3. Assessing risks—Once you have identified the risks facing your business, you must analyze them to determine their potential consequences. For each risk facing your business, you’ll want to determine:

  • How likely is this particular risk to occur?
  • What are the ramifications should this risk occur?

When analyzing your risks, consider potential financial losses, compliance requirements, employee safety, business disruptions, reputational harm and other consequences.

4. Controlling risks—With a sense of what the threats to your business are, you can then consider ways to address them. There are a variety of methods businesses can use to manage their risks, including:

  • Risk avoidance—Risk avoidance is when a business eliminates certain hazards, activities and exposures from their operations altogether.
  • Risk control—Risk control involves preventive action.
  • Risk transfer—Risk transfer is when a business transfers their exposures to a third party.

For preparing for a second wave of the coronavirus, control measures could include cleaning protocols, work-from-home orders and mandated personal protective equipment (PPE) usage.

5. Monitoring the results—Risk management is an evolving, continuous process. Once you’ve implemented a risk management solution, you’ll want to monitor its effectiveness and reassess.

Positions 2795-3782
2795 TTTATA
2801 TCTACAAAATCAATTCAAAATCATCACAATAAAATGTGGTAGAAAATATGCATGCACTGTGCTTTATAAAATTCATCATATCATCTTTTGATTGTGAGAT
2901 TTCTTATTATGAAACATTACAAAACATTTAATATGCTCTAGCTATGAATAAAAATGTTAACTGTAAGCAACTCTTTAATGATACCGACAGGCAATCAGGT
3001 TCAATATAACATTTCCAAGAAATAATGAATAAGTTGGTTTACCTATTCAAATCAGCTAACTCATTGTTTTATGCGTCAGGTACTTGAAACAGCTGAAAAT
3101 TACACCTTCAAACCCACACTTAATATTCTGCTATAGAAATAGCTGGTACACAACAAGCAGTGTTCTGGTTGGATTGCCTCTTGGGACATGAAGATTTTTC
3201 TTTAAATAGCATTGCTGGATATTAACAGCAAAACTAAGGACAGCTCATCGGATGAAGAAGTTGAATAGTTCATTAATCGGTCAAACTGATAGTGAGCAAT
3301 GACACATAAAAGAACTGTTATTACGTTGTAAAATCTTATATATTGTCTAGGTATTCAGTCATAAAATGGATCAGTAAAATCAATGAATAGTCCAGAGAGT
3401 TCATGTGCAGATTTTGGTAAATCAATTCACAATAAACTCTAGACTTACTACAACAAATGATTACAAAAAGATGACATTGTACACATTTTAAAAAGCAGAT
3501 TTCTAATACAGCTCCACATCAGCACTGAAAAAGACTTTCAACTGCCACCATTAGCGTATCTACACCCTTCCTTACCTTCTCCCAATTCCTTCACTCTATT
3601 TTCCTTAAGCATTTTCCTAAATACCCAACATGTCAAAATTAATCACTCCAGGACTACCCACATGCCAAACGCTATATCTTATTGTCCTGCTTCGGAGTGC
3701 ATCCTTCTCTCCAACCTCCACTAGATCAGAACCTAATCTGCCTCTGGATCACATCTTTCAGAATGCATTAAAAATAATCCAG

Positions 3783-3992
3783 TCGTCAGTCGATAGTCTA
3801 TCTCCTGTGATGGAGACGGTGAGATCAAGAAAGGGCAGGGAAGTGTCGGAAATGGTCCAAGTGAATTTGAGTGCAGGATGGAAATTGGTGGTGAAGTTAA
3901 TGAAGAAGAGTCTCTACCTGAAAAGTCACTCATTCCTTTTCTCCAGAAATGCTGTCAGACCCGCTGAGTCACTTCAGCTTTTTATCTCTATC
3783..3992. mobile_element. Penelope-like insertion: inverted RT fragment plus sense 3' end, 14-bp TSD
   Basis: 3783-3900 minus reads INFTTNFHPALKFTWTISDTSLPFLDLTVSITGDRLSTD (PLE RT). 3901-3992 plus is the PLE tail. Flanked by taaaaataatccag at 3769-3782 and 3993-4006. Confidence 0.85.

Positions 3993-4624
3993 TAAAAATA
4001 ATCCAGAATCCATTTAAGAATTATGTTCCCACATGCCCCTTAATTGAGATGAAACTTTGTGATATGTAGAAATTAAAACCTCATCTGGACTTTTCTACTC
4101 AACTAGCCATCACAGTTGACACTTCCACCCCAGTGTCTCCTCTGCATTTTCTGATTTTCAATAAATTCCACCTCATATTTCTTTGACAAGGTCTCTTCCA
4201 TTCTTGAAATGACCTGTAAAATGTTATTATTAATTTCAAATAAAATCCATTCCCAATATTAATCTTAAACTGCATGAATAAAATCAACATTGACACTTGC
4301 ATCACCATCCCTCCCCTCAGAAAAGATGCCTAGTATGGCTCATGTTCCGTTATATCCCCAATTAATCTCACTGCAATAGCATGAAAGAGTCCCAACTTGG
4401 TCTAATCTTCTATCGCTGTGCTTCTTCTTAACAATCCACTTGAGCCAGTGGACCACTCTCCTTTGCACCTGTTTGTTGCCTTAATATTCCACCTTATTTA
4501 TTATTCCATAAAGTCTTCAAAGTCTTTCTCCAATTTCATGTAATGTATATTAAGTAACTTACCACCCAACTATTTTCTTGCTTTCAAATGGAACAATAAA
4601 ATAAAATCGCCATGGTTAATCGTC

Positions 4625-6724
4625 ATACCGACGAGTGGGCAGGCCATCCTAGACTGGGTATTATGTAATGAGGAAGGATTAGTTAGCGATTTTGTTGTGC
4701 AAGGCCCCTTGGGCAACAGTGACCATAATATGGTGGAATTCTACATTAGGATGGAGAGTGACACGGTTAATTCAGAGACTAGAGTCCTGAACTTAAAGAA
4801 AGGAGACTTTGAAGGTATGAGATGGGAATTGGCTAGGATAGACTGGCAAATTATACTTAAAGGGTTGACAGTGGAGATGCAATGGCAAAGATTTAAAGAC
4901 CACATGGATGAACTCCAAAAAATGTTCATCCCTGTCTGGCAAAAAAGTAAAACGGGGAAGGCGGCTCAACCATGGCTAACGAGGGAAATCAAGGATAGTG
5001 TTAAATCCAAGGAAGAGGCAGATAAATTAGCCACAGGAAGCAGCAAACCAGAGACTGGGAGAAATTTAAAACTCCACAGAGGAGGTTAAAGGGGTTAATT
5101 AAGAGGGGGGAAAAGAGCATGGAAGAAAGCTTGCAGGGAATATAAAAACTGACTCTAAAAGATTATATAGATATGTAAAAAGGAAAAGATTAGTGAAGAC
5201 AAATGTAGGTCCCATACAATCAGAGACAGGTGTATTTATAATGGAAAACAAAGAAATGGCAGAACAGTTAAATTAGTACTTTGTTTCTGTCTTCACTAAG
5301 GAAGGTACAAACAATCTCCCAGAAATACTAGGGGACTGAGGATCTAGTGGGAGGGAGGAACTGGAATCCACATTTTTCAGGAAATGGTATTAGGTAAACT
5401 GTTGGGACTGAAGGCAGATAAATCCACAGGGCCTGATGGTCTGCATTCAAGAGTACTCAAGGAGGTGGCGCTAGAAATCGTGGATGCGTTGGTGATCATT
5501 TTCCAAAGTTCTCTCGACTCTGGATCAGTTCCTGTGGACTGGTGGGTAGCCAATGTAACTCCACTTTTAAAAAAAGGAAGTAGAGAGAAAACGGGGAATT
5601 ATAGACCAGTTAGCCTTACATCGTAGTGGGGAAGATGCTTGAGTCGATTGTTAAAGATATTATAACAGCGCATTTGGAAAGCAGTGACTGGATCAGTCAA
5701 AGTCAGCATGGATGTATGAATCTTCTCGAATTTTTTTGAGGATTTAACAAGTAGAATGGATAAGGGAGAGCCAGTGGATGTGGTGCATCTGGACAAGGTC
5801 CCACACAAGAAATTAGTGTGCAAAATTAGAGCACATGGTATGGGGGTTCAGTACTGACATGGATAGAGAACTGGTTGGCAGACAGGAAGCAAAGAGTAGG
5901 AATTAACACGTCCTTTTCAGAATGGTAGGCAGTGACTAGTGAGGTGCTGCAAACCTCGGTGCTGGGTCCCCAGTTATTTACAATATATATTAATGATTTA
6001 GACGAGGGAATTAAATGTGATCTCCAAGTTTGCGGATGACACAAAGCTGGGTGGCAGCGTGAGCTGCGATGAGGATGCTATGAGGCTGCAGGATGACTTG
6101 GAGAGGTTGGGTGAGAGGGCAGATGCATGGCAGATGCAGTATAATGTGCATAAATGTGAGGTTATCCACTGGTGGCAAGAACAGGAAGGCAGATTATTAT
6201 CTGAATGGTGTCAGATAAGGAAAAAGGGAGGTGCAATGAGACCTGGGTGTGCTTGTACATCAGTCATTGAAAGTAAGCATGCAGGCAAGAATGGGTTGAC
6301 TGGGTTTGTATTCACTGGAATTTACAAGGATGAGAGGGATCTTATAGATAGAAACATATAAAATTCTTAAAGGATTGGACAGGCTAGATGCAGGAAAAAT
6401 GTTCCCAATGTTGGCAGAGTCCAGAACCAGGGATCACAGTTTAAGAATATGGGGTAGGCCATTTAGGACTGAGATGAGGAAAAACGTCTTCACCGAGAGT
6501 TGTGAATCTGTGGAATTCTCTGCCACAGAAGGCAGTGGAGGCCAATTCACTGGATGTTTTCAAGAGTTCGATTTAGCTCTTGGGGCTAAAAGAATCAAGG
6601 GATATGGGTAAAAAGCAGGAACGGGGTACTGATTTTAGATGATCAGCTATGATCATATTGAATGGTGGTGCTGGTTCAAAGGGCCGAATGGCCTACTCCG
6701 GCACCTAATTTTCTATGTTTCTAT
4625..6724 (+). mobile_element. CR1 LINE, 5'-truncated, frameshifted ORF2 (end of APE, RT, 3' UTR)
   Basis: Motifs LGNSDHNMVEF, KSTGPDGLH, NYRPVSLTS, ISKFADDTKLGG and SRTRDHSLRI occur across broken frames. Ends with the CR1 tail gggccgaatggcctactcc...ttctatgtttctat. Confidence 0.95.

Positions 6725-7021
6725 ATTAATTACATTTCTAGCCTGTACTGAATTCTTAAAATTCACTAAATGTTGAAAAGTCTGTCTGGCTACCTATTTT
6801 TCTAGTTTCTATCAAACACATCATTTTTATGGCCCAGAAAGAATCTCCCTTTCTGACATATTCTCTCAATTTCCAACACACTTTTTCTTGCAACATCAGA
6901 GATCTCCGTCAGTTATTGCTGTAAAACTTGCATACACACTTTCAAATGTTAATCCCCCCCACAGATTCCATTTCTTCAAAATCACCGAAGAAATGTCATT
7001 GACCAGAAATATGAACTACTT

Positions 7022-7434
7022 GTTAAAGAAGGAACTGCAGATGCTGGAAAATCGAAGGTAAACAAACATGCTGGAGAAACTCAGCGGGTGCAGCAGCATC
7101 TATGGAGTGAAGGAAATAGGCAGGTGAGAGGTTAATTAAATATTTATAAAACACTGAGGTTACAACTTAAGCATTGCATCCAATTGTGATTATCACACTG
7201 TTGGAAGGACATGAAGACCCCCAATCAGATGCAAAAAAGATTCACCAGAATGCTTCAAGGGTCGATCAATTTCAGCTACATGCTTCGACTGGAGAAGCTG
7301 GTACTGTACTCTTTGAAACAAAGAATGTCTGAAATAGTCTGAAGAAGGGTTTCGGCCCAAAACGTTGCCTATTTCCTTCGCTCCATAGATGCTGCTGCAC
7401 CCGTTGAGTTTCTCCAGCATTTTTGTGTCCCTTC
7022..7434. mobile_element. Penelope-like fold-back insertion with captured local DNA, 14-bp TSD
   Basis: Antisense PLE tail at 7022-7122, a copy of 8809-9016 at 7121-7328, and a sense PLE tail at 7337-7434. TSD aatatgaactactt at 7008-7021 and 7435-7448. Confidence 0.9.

Remember, the COVID-19 pandemic so far has been rapidly evolving, and guidance can change quickly. Your business should be prepared to take action at short notice.

Maintain Workplace Safety

Maintaining workplace safety is crucial to preventing the spread of COVID-19 at your organization, and will continue to be crucial in protecting your organization against a second wave of COVID-19 cases. There are a number of OSHA and Centers for Disease Control and Prevention (CDC) workplace controls to consider if your risk assessment determines that COVID-19 poses a threat to your employees or customers. For instance, you should:

  • Implement administrative controls—Typically, administrative controls are changes in work policies or procedures that reduce or minimize an individual’s exposure to a hazard. An example of an administrative control for the coronavirus is establishing alternating days or extra shifts that reduce the total number of employees in a facility at a given time.
  • Utilize PPE—Businesses should focus on training workers on proper PPE best practices. Employees should understand how to properly put on, take off and care for PPE. Training material should be easy to understand and must be available in the appropriate language for all workers.
  • Consider engineering controls—Engineering controls protect workers by removing hazardous conditions or by placing a barrier between the worker and the hazard. For COVID-19, engineering controls can include:
    • Installing high-efficiency air filters
    • Increasing ventilation rates in the work environment
    • Installing physical barriers, such as clear plastic sneeze guards